Investigation on antitrust violations in e-commerce in sight

Shares

The European Commissioner for Competition Margrethe Vestager has recently announced an upcoming proposal to launch an investigation on competition in the e-commerce sector. The Commissioner recently declared: “It is high time to remove remaining barriers to e-commerce, which is a vital part of a true Digital Single Market in Europe. The envisaged sector inquiry will help the Commission to understand and tackle barriers to e-commerce to the benefit of European citizens and businesses.”

Barriers to cross-border e-commerce

According to Commissioner Vestager, competition in the e-commerce sector is hampered by two main kinds of barriers. Some of them are caused by public policies, fragmentation of European legislations, different taxation systems, language and many others. However, Vestager asserts it can happen that online companies themselves also erect technical barriers to the sale of goods and digital content, thus limiting opportunities for European consumers. In this case, the arrangements fall under the European Competition Law.

What are competition sector inquiries and who will be involved?

Competition sector inquiries are investigations that the European Commission may carry out when it has indications that a sector is not working as well as it should. The Commission gathers information by sending questionnaires to a large number of stakeholders across Europe, and, in this case, to manufacturers, online merchants and companies running online platforms like price-comparison and marketplace websites. The objective of the Commission is to use the information obtained to better understand the market from the perspective of competition policy and to identify issues that could restrict competition.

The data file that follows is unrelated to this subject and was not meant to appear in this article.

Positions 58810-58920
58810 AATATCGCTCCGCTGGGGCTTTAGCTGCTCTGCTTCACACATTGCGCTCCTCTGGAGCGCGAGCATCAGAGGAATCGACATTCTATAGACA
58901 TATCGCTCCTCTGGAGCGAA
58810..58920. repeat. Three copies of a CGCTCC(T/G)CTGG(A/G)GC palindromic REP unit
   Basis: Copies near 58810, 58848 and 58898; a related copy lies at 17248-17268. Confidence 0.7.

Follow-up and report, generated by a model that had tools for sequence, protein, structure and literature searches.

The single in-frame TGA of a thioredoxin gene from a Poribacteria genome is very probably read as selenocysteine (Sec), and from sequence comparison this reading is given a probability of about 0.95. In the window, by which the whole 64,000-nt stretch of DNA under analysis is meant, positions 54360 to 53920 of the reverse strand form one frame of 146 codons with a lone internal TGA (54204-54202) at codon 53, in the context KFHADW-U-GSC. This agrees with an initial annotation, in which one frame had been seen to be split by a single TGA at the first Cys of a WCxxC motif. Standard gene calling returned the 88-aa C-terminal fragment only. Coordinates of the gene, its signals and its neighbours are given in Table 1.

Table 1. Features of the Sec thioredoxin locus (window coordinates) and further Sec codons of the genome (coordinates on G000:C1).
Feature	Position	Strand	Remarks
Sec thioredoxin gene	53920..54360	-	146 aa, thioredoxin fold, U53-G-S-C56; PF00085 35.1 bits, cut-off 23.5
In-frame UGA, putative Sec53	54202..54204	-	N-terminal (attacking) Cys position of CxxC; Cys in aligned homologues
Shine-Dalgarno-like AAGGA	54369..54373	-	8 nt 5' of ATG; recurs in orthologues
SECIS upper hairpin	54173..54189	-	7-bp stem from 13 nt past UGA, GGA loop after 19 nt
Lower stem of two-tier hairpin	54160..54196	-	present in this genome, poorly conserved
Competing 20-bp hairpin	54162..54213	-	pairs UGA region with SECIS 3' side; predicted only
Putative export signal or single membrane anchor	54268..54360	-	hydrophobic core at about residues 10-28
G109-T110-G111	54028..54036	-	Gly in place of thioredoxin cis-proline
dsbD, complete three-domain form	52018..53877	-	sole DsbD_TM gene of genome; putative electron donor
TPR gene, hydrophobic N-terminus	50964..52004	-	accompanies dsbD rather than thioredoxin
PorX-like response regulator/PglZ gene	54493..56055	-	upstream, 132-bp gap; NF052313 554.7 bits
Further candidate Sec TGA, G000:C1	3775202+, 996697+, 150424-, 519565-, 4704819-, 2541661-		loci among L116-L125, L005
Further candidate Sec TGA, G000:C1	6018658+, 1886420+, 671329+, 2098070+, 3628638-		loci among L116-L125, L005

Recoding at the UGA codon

Next steps

Commissioner Vestager declared that she will propose the inquiry to the College of Commissioners in May, but the timeline remains vague for the moment. If, after analysing the results, the Commission identified specific competition concerns in the e-commerce sector, it could open case investigations to ensure compliance with EU rules on restrictive business practices and abuse of dominant market positions.

Considering the relevance of the inquiry for the sector, Ecommerce Europe will closely monitor the dossier and stay in close contact with the European institution to ensure that the interests of the industry will be taken into account during the process.

Shares